The Specific Carbohydrate Diet

Frequently Asked Questions


Marilyn Alm writes:

1. No herb tea except the mints, black, and green regular tea, and ginger is SCD legal. We can add a bit of clove, for instance, to regular tea, but we should not make clove tea. The difference is quantitative -- the amount of clove essence that we get from a single clove in a single cup of tea (which should then be diluted) is vastly difference from the amount of clove we would get if we took a teaspoon of clove, poured boiling water over it, let it steep, and then drank THAT tea.

2. Chamomile is well-known for its anti-inflammatory properties, which would seem to make it an ideal tea for SCDers. However... (you knew it was coming, right?), I seriously do not think it would be a wise idea.

Had to go digging a bit, but I thought I remembered something which was a cause for concern. The following is from Healthnotes.Info. It's confirmed in several other sources, but I didn't have to type the following in.

Chamomile has traditionally been used in Europe for gastrointestinal upsets.

Chamomile is often taken three to four times daily between meals as a tea. Common alternatives are to use 2-3 grams of the herb in tablet or capsule form or 4-6 ml of tincture three times per day between meals. Standardized extracts containing 1% apigenin and 0.5% volatile oils may also be used. One to two capsules containing 300-400 mg of extract may be taken three times daily. Topical creams or ointments can be applied to the affected area three to four times daily. It has been used for people on methotrexate, a drug sometimes given for autoimmune issues, to help alleviate mouth sores.

Though rare, allergic reactions to chamomile have been reported. These reactions have included bronchial constriction with internal use and allergic skin reactions with topical use. While reports of such side effects are uncommon, people with allergies to plants of the Asteraceae family (ragweed, aster, and chrysanthemums), as well as mugwort pollen should avoid using chamomile. Chamomile is usually considered to be safe during pregnancy or breast-feeding. However, there is one case report in which a pregnant woman who took chamomile as an enema had an allergic reaction that led to the death of her newborn.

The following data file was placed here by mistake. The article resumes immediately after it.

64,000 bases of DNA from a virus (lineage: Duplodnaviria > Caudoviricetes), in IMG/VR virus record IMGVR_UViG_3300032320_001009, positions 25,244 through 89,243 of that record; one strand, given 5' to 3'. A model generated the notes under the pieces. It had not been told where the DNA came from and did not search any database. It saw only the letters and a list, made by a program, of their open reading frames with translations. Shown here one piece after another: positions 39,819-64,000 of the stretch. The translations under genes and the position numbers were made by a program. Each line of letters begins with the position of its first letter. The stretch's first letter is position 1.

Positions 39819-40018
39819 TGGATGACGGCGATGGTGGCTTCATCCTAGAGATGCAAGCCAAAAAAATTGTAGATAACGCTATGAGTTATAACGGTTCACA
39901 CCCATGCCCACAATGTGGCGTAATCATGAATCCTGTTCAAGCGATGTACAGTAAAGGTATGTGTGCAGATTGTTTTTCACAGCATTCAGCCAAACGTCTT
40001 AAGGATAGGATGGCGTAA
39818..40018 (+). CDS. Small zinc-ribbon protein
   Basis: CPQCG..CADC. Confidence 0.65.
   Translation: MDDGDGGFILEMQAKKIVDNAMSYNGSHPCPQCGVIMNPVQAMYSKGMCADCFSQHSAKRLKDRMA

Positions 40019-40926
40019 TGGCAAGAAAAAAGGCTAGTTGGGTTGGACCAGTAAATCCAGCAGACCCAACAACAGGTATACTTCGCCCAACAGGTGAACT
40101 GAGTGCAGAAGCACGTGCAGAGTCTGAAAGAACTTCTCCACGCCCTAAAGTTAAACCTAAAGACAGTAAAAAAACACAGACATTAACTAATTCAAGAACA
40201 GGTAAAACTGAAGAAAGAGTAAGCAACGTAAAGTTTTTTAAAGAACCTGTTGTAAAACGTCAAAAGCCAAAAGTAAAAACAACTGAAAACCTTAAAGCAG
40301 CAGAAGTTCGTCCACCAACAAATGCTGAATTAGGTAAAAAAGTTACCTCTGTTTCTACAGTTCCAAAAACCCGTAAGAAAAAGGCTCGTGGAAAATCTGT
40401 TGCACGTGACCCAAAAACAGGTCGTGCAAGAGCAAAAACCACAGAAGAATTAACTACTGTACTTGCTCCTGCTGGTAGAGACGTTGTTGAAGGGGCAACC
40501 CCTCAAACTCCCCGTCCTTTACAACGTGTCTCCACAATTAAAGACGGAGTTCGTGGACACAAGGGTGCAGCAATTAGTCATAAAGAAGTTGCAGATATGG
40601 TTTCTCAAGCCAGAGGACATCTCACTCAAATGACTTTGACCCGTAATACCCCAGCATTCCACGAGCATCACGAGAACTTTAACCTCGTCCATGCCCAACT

The flowers of chamomile contain 1-2% volatile oils including alpha-bisabolol, alpha-bisabolol oxides A & B, and matricin (usually converted to chamazulene).1 Other active constituents include the flavonoids apigenin, luteolin, and quercetin. These active ingredients contribute to chamomile’s anti-inflammatory, antispasmodic, and smooth-muscle relaxing action, particularly in the gastrointestinal tract.

It is this last trait which causes me serious concern. If you're already either moving things along too quickly, or not moving them at all, then it seems to me probable that you wouldn't want something which is going to completely relax the gut. You will either open it up and allow things to move on through that much more rapidly, or cause your gut to lie down on the job and say, "Well, yawn, I think I'll take a nap just now!"

This strikes me as a Bad Idea, and therefore, I'd have to say that my considered opinion would be, fond as I am of chamomile, and however many cups of the lovely, aromatic brew I drank pre-SCD, not to mention the number of tinctures and salves I've compounded with it, that I could not, in good conscience, recommend it.

If you are currently drinking it, and feel it has benefit for you that outweighs the probable negatives, then by all means, continue. (I discussed an illegal supplement off list with Elaine, and we concluded that for me, the benefits outweighed the negatives, but the fact that I do use it makes me that much more scrupulous about the rest of my diet.)

If you are currently drinking it and are not seeing the progress from SCD that you had hoped, then I recommend eliminating it from your program for at least three months, and see what happens.

If you are not currently drinking it, I really could not suggest you start, because of my concerns.

Sorry -- I liked it, too.

— Marilyn
New Orleans, Louisiana, USA
Author of forthcoming book about Louisiana cuisine.



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"We must never forget that what the patient takes beyond his ability to digest does harm."
    Dr. Samuel Gee

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